In accordance with the principles of the present invention, a forwarding data structure is associated with each region in a chosen collection-set of a space-incremental collection technique. For example, in the context of the Train algorithm, a forwarding structure is associated with each car in the collection-set that manages more than one object. The forwarding data structure is used to map object locations in that car to their relocated destinations and, thus, avoids the need to store the forwarding address in each object header. The garbage collector that is relocating objects from the collection set makes use of the forwarding data structure to update references to already-located objects. Some implementations may allow non-collector threads to access objects in their relocated locations. When such an attempt is made to access an object, some mechanism, for example a read barrier, causes the forwarding data structure to be accessed and, if the object is found in the data structure, the corresponding forwarding address is used to access the object.

In one embodiment, the forwarding data structure is implemented as a hash table. This embodiment is most space efficient when the expected survival rate of objects in the car is less than thirty percent because the low survival rate compensates for the fact that each entry in the hash table must store two addresses, one address for the current location of the object and one address for the relocated location.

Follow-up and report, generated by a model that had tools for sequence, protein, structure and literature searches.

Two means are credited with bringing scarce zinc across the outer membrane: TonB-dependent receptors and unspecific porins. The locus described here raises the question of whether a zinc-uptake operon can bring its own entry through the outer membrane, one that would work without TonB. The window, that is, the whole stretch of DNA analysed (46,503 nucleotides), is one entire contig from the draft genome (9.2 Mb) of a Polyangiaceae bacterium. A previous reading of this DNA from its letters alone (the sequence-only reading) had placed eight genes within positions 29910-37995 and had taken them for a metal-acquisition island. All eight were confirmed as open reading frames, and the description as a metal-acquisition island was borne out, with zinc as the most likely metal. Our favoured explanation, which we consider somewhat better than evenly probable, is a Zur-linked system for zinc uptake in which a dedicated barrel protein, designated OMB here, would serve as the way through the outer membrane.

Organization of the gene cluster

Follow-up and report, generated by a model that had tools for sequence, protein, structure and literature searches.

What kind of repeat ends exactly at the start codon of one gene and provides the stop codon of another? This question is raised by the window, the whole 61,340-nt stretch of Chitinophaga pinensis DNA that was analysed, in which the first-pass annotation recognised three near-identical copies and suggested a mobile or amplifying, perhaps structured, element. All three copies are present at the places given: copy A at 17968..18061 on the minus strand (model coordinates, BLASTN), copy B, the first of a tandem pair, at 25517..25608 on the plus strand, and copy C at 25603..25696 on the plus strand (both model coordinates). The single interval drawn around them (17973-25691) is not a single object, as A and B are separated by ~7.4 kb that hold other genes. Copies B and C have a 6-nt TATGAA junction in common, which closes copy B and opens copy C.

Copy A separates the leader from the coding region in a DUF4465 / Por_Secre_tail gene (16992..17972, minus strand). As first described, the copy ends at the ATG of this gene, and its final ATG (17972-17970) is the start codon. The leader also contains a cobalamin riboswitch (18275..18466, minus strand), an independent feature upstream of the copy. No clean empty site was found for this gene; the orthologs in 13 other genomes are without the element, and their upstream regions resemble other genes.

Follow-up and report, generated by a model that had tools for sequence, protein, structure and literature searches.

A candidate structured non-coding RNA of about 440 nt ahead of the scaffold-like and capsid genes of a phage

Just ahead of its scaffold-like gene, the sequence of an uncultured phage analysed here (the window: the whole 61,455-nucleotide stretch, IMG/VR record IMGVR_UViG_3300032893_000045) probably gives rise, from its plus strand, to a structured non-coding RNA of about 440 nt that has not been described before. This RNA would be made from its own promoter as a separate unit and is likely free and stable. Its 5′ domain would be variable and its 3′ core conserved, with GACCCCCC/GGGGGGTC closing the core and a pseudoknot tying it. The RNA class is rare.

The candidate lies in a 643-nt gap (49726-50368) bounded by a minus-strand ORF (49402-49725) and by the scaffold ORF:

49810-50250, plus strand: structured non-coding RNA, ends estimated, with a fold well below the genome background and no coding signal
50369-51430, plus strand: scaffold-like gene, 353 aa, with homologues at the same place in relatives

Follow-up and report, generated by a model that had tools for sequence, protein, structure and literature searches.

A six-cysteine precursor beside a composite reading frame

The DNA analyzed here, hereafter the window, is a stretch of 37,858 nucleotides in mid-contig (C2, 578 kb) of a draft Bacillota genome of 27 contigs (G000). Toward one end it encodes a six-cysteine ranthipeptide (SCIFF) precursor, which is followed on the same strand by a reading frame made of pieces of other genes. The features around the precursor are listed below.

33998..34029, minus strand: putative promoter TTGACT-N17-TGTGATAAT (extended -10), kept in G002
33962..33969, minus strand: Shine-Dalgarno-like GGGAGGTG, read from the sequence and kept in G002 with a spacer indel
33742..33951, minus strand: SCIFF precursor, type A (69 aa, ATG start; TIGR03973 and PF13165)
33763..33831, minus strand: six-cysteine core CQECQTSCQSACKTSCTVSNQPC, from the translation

In another embodiment where objects have a minimum size and alignment, the forwarding data structure is implemented as a direct-mapped table with one entry for each minimum unit of memory in the associated region such as the car section of a car. For example, in the case where the minimum object size is two words and the minimum alignment of objects is two words, there is an entry in the direct-mapped table for every two words of memory.

In still another embodiment, the forwarding data structure is implemented as a direct mapped table with one entry per N words of memory allocated to the associated region, such as a car section for a car, and where N is possibly greater than the minimum size of an object. For example, with N taken as four and assuming two-word alignment of each object, each entry in the forwarding data structure is unique for any object whose size is greater than two words. In cases where more than one object starts in the same N-word sequence of memory corresponding to an entry, all of these objects are evacuated together at a small space cost.